Power supply is usually regarded as the most critical element in an outstanding preamplifier. And the Quest power supply is decidedly generous. Ten separate power rails provide the highest possible separation between different channels, and for various components and modules within the unit. The different rails are designed specifically to address the varying needs and conditions in each section of the particular element, as well as ensuring ultra-low noise. In addition to the power supply, the signal paths also have a significant impact on sound characteristics. The engineers have gained crucial flexibility in designing the PCB layout by removing unnecessary components and simplifying the schematic. If possible, the signals run perpendicularly to each other. If this is not feasible, then they run as far away from each other as possible to reduce interference. This extra design effort reaps clearly discernible rewards for the listener. But let’s return to Mahler’s 5th Symphony. The woodwinds reveal just how far the preamp errs incorruptibly on the “clean” side. Oboes and clarinets sounded just as they should, with no trace of euphony. Moreover, the impression of a light and audible warmth setting in stems from how the Quest/Rei combination focuses on the “big picture”, yet it does so without ignoring the details and can excel with an inimitable and nearly swinging flow.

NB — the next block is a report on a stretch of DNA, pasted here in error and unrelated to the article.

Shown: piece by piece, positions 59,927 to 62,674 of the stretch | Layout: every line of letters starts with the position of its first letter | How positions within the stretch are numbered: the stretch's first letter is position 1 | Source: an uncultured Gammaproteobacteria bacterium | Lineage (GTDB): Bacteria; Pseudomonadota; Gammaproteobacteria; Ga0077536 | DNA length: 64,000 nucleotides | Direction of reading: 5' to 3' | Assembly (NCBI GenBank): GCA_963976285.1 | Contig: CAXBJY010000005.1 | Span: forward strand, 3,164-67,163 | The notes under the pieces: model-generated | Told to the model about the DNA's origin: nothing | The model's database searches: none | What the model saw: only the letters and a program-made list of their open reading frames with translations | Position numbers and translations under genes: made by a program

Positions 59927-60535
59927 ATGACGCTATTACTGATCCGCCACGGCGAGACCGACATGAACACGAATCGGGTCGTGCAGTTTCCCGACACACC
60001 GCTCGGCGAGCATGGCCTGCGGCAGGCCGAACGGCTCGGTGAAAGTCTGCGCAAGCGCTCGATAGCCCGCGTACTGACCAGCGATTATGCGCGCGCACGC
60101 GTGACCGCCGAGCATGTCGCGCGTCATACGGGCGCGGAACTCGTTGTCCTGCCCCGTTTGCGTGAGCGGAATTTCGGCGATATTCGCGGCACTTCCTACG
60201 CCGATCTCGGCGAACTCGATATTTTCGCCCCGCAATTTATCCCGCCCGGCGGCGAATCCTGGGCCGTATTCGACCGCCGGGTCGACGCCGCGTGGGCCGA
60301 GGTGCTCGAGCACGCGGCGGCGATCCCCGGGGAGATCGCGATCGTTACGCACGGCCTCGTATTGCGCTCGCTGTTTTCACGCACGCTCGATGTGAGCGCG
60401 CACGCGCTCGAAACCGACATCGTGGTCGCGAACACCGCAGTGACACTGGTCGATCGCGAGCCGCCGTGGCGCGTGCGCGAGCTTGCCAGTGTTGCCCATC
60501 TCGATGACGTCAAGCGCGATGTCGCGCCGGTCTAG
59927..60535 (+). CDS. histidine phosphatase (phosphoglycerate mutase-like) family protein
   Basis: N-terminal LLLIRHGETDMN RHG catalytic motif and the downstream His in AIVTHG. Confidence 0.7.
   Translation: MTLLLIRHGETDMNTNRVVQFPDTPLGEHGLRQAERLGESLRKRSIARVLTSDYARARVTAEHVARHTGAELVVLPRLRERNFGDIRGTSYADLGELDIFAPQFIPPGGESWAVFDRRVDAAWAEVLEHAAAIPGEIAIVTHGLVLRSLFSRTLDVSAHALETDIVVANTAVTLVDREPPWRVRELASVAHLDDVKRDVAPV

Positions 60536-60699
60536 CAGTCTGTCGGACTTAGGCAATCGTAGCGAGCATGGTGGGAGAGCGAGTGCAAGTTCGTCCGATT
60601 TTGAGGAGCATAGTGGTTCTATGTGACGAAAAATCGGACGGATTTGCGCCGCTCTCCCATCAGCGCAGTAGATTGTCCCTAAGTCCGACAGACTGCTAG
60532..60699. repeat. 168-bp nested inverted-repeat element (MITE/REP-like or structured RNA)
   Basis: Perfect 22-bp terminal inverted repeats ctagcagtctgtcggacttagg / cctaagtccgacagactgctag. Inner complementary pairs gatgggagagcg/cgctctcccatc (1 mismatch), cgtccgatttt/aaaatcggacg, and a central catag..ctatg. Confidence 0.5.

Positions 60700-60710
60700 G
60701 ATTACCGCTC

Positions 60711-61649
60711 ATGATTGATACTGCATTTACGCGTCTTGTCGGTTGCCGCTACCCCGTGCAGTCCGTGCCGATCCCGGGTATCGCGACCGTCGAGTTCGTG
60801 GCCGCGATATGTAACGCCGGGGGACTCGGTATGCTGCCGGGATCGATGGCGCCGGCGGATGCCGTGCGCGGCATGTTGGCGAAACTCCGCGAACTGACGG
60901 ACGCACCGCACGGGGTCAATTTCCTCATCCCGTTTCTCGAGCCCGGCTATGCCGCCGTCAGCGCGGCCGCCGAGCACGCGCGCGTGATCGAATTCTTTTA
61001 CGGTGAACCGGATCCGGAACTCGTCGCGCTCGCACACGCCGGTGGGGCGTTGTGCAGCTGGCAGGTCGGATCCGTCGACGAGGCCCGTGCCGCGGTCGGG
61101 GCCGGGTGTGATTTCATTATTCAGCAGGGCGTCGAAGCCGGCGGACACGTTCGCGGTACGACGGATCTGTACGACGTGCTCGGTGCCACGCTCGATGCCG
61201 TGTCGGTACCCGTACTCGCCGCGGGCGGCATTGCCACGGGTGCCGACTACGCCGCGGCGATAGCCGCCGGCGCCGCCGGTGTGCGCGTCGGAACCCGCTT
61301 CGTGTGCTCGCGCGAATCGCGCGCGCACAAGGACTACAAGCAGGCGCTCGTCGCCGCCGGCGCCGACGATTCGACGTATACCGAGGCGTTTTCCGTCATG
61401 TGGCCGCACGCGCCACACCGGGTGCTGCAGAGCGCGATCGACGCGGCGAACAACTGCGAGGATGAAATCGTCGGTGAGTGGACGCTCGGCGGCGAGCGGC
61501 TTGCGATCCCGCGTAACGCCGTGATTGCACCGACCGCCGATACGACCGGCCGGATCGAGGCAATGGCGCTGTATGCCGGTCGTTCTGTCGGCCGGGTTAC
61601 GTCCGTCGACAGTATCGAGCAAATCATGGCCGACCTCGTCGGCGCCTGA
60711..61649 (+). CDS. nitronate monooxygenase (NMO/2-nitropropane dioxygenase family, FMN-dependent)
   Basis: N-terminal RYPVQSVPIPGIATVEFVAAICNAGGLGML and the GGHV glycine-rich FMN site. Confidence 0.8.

This system let me rediscover a whole range of Jazz recordings from the 1960s, all produced in unpleasant ping-pong stereo. We’re all familiar with this annoying effect, sounding as though the musicians all retreated to the furthest corner of the stereo triangle and were jamming in a seemingly uncoordinated fashion. Listening again, the instruments seem to have significantly greater physicality, and the musicians appear to be standing slightly further from one another. The ping-pong stereo effect has gone, and been replaced by a clearly identifiable semicircle of performers. Delighted by this revelation, I spent an entire evening listing to Jazz recordings that had long been banished to the “forbidden section” of my collection. I would like to make special mention of the duets between bass clarinet and double bass on Eric Dolphy’s Musical Prophet. Normally, both instruments seem to have been strangely transported to the left-hand side of the stereo stage. Furthermore, when the amplifier can’t create three-dimensionality and, above all, physicality, we feel that the clarinet and bass are intertwined with each other. This is definitively not the case with the Quest/Rei combo. Even though the sound emerges exclusively from left of center, the musicians are clearly separate from one another, both horizontally and vertically. Only a few bars in and I had completely forgotten the inadequacies of the 1963 recording. The physicality of the instrumental reproduction is absolutely compelling.